Despite recent improvements in mortality for breast cancer patients, it is still not known why many patients relapse even after an initial response to conventional endocrine and/or chemotherapies. We have approached this question using both genetically engineered mouse models and in patients in the clinic. Using a unique transplantable p53 null mammary tumor model we have identified a highly enriched Tumor-Initiating Cell (TIC) subpopulation. Both in vitro and in vivo experiments indicate that more efficient DNA damage repair mechanisms exist in these TICs as compared to the bulk of the tumor cells. In parallel studies, an epithelial- mesenchymal transition(EMT)-related gene signature was identified in TICs isolated from breast cancer patients. This signature was present in the subset of human breast cancers characterized as "claudin-low", and most importantly was significantly enriched in patients who failed both hormonal and chemotherapy. Often TICs represent a small subpopulation of cells within a tumor, but "claudin-low" tumors of both mice and humans appear to be highly enriched in TICs. TICs may be intrinsically more resistant to DNA damage induced by radiation and chemotherapy treatments, thus in part explaining their resistance to conventional treatments;they have also been suggested to be responsible for metastatic dissemination, tumor dormancy and recurrence. Thus, to help elucidate the mechanisms and signaling pathways that are responsible for the intrinsic therapeutic resistance of TICs, and to develop therapies that can overcome this resistance to conventional treatments, the following Specific Aims are proposed:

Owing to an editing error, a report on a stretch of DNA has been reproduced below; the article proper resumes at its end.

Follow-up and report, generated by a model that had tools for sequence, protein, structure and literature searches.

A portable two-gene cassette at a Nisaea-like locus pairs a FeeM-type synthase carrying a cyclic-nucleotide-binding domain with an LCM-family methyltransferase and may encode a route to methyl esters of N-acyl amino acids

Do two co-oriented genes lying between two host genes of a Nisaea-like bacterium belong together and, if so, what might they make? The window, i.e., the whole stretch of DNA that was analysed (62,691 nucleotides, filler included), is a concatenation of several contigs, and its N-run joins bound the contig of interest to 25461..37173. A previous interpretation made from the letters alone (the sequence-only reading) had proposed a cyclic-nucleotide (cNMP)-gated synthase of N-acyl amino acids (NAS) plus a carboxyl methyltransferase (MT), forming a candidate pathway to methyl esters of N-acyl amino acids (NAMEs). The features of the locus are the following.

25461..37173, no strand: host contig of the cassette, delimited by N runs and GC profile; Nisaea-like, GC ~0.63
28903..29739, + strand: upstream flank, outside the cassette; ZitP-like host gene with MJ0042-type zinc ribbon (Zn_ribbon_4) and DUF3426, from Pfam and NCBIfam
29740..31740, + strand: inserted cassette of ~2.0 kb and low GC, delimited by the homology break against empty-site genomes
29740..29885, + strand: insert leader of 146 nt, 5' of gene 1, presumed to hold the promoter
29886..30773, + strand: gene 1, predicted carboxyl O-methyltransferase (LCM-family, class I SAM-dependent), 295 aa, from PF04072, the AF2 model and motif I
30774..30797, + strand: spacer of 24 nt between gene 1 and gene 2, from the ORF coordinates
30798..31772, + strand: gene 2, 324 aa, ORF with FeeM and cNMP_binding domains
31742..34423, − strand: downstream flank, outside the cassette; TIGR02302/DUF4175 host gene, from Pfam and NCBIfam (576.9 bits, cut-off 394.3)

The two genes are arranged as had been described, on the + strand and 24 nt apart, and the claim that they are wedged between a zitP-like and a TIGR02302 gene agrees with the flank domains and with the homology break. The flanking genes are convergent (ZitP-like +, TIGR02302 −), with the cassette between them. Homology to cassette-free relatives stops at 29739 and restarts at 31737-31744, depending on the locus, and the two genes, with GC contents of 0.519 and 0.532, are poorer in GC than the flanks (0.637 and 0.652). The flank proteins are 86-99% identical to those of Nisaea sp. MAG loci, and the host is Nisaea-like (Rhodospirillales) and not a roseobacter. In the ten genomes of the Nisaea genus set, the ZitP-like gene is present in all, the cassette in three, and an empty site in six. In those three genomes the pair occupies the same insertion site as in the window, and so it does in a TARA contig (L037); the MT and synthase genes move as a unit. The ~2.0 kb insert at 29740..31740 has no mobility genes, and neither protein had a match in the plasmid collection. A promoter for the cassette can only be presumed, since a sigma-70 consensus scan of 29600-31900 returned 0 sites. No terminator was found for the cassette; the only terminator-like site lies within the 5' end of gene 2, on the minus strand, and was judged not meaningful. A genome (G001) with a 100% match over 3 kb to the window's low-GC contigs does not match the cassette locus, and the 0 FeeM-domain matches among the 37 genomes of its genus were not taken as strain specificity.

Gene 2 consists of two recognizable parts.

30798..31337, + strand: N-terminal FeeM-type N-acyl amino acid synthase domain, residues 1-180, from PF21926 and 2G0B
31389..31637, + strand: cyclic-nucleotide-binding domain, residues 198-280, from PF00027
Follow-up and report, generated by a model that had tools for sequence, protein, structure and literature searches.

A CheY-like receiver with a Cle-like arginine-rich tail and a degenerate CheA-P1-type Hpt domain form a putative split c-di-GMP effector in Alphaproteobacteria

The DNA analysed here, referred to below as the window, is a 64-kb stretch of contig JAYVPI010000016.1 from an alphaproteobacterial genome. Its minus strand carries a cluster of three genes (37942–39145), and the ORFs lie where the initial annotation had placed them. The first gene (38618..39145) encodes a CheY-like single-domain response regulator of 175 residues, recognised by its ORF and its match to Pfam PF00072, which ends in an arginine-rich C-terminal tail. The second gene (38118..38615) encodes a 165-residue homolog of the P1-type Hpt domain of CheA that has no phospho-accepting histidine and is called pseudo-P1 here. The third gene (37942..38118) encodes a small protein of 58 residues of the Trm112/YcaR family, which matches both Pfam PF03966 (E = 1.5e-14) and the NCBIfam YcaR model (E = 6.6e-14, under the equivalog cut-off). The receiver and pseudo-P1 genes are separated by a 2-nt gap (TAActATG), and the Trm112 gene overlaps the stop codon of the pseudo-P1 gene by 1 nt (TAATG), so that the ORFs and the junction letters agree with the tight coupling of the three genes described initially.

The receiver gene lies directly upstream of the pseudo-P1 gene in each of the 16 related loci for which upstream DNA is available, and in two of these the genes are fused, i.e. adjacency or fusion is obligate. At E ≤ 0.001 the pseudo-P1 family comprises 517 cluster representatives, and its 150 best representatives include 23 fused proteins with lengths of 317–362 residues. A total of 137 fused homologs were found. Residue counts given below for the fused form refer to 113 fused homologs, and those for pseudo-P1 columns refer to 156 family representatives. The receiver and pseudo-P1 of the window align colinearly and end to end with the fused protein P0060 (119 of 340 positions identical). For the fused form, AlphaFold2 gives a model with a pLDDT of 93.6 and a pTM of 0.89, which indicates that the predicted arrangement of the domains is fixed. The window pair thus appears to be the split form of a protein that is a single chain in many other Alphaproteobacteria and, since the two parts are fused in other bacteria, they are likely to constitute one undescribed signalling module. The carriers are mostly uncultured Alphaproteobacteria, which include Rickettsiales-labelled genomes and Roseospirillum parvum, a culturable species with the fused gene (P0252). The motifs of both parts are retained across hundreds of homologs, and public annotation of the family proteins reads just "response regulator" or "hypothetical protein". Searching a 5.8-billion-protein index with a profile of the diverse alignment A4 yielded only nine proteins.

Aim 1. Analysis of TICs in the different subtypes of the murine p53 null tumors including the claudin- low/spindloid class.
Aim 2. To determine if perturbation of EMT pathways in the p53 null claudin-low/spindloid tumors alters their phenotypic properties.
Aim 3. To determine the therapeutic sensitivity of TICs. One pressing need to effectively target breast cancer tumor initiating cells is the development of improved preclinical models to test these therapies. To address this need, we have identified mouse models that develop claudin-low/spindloid tumors, where the bulk of the tumors cells appear to be TICs. Thus, we believe that we have an appropriate and validated model for the investigation of important signaling pathways and therapeutics. This multiPI grant combines the considerable stem cell and signaling pathway expertise in the Rosen laboratory with the genomics, bioinformatics and therapeutics expertise in the Perou laboratory and, therefore represents an excellent synergy between the two. )
Despite recent improvements in mortality for breast cancer patients, it is still not known why many patients relapse even after an initial response to conventional endocrine and/or chemotherapies. To effectively target breast cancer tumor initiating cells thought to be responsible for intrinsic therapeutic resistance and recurrence, we have identified preclinical mouse models that develop claudin-low/spindloid tumors, where the bulk of the tumors cells appear to be tumor initiating cells. These now provide novel models for the elucidation of critical signaling pathways and therapeutics required to eliminate these cells.
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